Britain's Boris Johnson says 'not too late to save Brexit'

Britain's MPs in the House of Commons read out the results of a vote on the so called new clause 17 amendment, marking the Government's first defeat on the Brexit Trade Bill, Tuesday July 17, 2018. British Prime Minister Theresa May faced a rebellion in Parliament on Tuesday over her plans for the country's exit from the European Union, with lawmakers voting on a Brexit trade bill. (Parliamentary Recording Unit via AP)
Britain's Prime Minister Theresa May leaves 10 Downing Street in London, bound for the House of Commons to the scheduled Prime Minister's Questions, Wednesday July 18, 2018. May is to visit the border area between Northern Ireland and Ireland during a two-day tour, Downing Street announced Wednesday. (Dominic Lipinski/PA via AP)

LONDON — Former U.K. Foreign Secretary Boris Johnson implored fellow lawmakers Wednesday not to abandon Brexit, urging them to remember the initial enthusiasm surrounding a complete break from the European Union.

In remarks to the House of Commons, Johnson criticized Prime Minister Theresa May's plans for exiting the EU, describing it as a clean departure "in name only." Britons should be "great independent actors" on the world stage, not "rule takers," he said.

"It is not too late to save Brexit," Johnson said. "We have time in these negotiations. We have changed tack once and we can change again."

May's government published a white paper last week with long-awaited proposals for Britain's relations with the EU after it leaves the bloc next year. The document proposes keeping Britain and the EU in a free market for goods, with a more distant relationship for services.

The plan has infuriated fervent Brexit supporters, who think sticking close to the bloc would limit Britain's ability to strike new trade deals around the world. Johnson and Brexit Secretary David Davis both quit the government in protest and May has been struggling to quell rebellions within her own ranks ever since.

Lawmakers earlier confronted May during her weekly question-and-answer session in the House of Commons. With May's support faltering, members of her own party, including Davis, felt emboldened to ask critical questions about her way forward.

Brexit supporter Andrea Jenkyns launched the first salvo in an open challenge to her leader, suggesting policies unveiled last week were closer to those who want to remain in the EU than to those who want to leave.

"Can the prime minister inform the House at what point it was decided that Brexit means Remain?" Jenkyns asked.

Shouts rang out across the Commons.

"At absolutely no point because Brexit continues to mean Brexit," May replied.

Even Davis jumped into the bad-tempered exchanges, asking May to publish the legal draft of a free trade treaty. Davis' former deputy, Steve Baker, chimed in to ask about contingency plans for a no-deal departure.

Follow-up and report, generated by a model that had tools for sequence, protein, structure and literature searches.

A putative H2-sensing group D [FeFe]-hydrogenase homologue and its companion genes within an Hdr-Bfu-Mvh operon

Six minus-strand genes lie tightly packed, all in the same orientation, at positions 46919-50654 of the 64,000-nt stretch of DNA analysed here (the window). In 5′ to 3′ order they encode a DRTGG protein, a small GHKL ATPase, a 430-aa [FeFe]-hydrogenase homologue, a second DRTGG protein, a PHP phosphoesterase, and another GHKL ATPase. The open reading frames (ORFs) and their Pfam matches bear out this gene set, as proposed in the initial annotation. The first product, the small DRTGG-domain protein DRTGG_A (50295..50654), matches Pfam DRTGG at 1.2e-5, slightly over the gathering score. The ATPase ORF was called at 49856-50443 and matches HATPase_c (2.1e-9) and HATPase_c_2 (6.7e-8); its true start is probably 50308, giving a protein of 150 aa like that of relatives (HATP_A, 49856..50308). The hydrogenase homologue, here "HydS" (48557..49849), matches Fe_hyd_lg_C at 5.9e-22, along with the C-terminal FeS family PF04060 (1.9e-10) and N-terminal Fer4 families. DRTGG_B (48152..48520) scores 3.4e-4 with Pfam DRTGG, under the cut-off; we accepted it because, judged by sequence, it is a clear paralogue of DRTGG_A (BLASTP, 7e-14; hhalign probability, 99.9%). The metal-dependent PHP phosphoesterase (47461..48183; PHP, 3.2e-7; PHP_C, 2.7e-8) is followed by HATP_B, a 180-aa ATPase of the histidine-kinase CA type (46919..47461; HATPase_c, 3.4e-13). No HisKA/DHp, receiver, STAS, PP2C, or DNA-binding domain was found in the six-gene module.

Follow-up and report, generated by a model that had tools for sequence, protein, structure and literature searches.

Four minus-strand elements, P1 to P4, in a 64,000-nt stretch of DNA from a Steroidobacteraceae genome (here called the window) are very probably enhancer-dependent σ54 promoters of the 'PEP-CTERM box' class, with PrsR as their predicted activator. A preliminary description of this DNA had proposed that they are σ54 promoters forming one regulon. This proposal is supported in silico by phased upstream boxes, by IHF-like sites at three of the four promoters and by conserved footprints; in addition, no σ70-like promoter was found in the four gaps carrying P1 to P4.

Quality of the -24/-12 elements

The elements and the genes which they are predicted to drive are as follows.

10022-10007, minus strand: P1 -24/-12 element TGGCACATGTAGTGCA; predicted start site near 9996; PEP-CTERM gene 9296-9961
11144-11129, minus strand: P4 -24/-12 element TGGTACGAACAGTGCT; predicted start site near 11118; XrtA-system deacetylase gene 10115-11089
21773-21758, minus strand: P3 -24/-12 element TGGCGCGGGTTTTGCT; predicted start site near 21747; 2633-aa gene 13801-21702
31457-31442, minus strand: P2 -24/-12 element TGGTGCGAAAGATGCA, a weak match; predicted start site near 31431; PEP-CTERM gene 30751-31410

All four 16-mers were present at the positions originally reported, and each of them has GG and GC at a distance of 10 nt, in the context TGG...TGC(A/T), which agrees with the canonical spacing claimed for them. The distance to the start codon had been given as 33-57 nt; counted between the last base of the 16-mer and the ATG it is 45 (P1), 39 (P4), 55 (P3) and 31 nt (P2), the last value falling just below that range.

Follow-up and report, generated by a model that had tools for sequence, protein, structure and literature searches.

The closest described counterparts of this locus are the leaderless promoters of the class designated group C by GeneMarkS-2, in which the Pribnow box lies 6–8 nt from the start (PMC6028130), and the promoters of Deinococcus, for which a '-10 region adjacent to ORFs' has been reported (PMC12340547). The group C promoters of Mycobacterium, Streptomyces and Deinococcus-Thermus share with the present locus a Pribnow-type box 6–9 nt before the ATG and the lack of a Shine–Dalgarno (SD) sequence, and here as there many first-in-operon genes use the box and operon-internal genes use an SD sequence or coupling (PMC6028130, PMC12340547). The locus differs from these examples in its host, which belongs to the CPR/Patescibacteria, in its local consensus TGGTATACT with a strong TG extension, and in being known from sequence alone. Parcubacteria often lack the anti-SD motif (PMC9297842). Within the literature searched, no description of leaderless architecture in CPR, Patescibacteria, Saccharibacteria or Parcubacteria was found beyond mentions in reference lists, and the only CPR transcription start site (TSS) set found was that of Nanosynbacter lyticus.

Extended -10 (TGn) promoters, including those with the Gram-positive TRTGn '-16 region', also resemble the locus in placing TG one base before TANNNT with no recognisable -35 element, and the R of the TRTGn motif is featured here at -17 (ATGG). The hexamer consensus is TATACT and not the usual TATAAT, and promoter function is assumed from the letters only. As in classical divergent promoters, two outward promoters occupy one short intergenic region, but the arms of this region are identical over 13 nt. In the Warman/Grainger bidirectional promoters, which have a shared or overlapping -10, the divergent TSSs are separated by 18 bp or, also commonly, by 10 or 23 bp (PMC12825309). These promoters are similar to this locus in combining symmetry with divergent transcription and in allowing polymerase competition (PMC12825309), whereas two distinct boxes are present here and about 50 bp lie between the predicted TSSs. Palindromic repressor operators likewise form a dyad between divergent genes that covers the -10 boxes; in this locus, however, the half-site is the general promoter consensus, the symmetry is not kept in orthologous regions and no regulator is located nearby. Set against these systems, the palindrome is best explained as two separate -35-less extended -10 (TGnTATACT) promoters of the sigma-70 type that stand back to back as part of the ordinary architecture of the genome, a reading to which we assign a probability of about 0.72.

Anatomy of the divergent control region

The session offered a mirror on a party deeply split and a government just scraping by to stay in power.

Though Johnson did not call for May's ouster, his remarks before the pre-recess session, will at the very least remind hardliners of the initial vision behind the referendum. Johnson suggested it was a vision May herself had shared before the "fog of self-doubt had descended."

Johnson told lawmakers that the government had "dithered" and failed to make the case for a free trade agreement outlined in the January 2017 speech at Lancaster House in the heady months after the referendum passed. It was not the plan agreed by the government earlier this month at May's country retreat at Chequers, he said.

"Let us again aim explicitly for that glorious vision of Lancaster House — a strong, independent self-governing Britain that is genuinely open to the world, not the miserable permanent limbo of Chequers," he said. "Not the democratic disaster of ongoing harmonization with no way out and no say for the UK. We need to take one decision now before all others and that is to believe in this country and what it can do."

Johnson insisted there was still time to adjust and that the country must do so because much was at stake.

"We must try now because we will not get another chance to do it right," he said.

May also sought to rally support in later meetings with Conservative Party backbenchers known as the 1922 Committee and with the Parliamentary Liaison Committee that includes the leaders of all the House of Commons select committees.

She received at least a measure of support from the 1922 Committee, including the announcement by one lawmaker that he had withdrawn a letter calling for a confidence vote that could threaten May's position as party leader.

Even such a small change could be important — if 48 legislators submit letters seeking a confidence vote on May's stewardship of the party, it automatically triggers a leadership vote.

Parliament plans to begin its long summer recess Tuesday after a feverish series of debates on Brexit policy.

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Gregory Katz in London contributed.

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